Curled up in the crate attached to the back of the bike was a miserable little boy. He was swaddled in a thick woolen blanket and only the top of his head poked out; his ears were pink and chilled by the ride. His hands and feet had been bound and all he wanted to do was scratch the itch that had been on his left nostril for the last ten miles or so.

Just three days before, Erasmus had been an average five year old in the Ladd-Franklin Valley; although in Ladd-Franklin, what was considered average was very far from the definition held in the rest of the Republic. Erasmus and his family had been placed in Ladd-Franklin after Erasmus had been identified as a potential Logician. The test that all the three year olds in the Republic took was meant to identify children for the specialized training program before uncorrectable habits and lazy thought patterns formed. Erasmus’ parents had been shocked by his identification; while he was clearly an intelligent little boy, they had not seen the making of a true Logician in him. Erasmus’ mother Gwyn thought her child was too empathetic to be able to be a Logician. His father Belenus had assumed that his own status as a transporter would preclude his children from success.

Erasmus’ sister Claudette was less impressed by Ladd-Franklin. The siblings of the children at the Logician center were all schooled together in a warehouse at the center of the Valley.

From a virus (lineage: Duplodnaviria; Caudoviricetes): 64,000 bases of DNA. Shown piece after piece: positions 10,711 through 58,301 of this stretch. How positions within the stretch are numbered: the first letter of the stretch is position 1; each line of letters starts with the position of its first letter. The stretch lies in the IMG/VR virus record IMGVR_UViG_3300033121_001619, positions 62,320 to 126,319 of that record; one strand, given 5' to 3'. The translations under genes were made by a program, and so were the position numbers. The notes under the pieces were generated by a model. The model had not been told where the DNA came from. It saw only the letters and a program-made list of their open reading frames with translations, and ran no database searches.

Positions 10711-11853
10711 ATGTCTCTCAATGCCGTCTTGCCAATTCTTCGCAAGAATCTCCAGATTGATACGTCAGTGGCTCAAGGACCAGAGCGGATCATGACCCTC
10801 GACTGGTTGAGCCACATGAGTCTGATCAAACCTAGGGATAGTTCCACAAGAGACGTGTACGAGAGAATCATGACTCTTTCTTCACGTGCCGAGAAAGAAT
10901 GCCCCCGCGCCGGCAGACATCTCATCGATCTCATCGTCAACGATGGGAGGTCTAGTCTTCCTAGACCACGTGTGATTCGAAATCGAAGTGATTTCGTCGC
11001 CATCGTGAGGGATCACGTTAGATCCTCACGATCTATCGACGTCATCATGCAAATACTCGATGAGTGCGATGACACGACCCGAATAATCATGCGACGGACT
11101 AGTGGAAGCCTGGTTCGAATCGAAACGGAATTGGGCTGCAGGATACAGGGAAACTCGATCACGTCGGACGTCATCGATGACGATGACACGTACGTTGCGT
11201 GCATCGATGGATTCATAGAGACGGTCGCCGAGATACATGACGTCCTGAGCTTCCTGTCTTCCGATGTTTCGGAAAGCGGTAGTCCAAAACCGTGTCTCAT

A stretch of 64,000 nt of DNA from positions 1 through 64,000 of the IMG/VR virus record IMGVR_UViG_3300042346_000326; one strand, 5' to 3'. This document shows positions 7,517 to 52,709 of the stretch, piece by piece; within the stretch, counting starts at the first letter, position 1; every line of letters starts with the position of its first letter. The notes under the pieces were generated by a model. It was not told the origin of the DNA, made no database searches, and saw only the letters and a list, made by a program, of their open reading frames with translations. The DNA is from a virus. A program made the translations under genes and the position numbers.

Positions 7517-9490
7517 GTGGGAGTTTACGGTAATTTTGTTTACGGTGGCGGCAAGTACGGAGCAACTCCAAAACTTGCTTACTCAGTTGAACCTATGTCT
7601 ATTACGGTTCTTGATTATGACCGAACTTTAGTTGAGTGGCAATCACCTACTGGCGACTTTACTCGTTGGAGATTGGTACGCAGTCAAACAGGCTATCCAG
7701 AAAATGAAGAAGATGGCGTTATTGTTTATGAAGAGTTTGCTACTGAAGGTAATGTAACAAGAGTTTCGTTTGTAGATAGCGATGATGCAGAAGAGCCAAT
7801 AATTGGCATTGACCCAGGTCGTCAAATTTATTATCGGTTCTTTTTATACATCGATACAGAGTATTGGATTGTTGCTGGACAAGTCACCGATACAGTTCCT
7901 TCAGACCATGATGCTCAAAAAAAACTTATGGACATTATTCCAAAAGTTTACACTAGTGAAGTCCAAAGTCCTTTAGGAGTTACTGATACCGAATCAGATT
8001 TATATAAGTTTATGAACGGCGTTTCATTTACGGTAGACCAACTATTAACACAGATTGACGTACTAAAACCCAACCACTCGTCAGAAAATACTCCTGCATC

“I don’t know why you were chosen,” she said, a few weeks after the family had relocated. “You’re too irrational. They’ll fail you out.”

Privately, Erasmus had feared that he would be found lacking. When he had taken the logic test, the other students had faced it calmly and methodically. He, on the other hand, had barely been able to stay seated, shaking his hands and nodding his head to the side in a strange repetitive tic. He had been so nervous that he had skipped around the test, answering things completely out of order, and when the oral component came, he had blurted the first word he could think of to answer the panel’s question, which happened to be “Verdant.” The panel had seemed inexplicably impressed and had let him go immediately without further questioning. He could not even remember what he had been asked.

The identification test was administered once a year and a test might yield one candidate; or none at all. So Erasmus’ candidacy was even more of a shock because he was one of two selected to go to Ladd-Franklin that year. The other was a Marigold, a shy plump little girl with dark black skin and a soft-spoken voice who had seemed quite overwhelmed by the whole process. Marigold and Erasmus made an unlikely pair. During their first day in the Ladd-Franklin training center, Marigold had locked herself in the bathroom and refused to come out until her father arrived. Erasmus had faired a bit better, although he resented being stared at by the fourteen other candidates, who ranged in age from five to seventeen. They were a motley bunch, although they clearly belonged at the center. The candidates and instructors alike all spoke in a strange, crisp dialect that was free of inflection. They seemed to have no personal attachment to what they said, instead delivering information both positive and negative with the same impassive tone.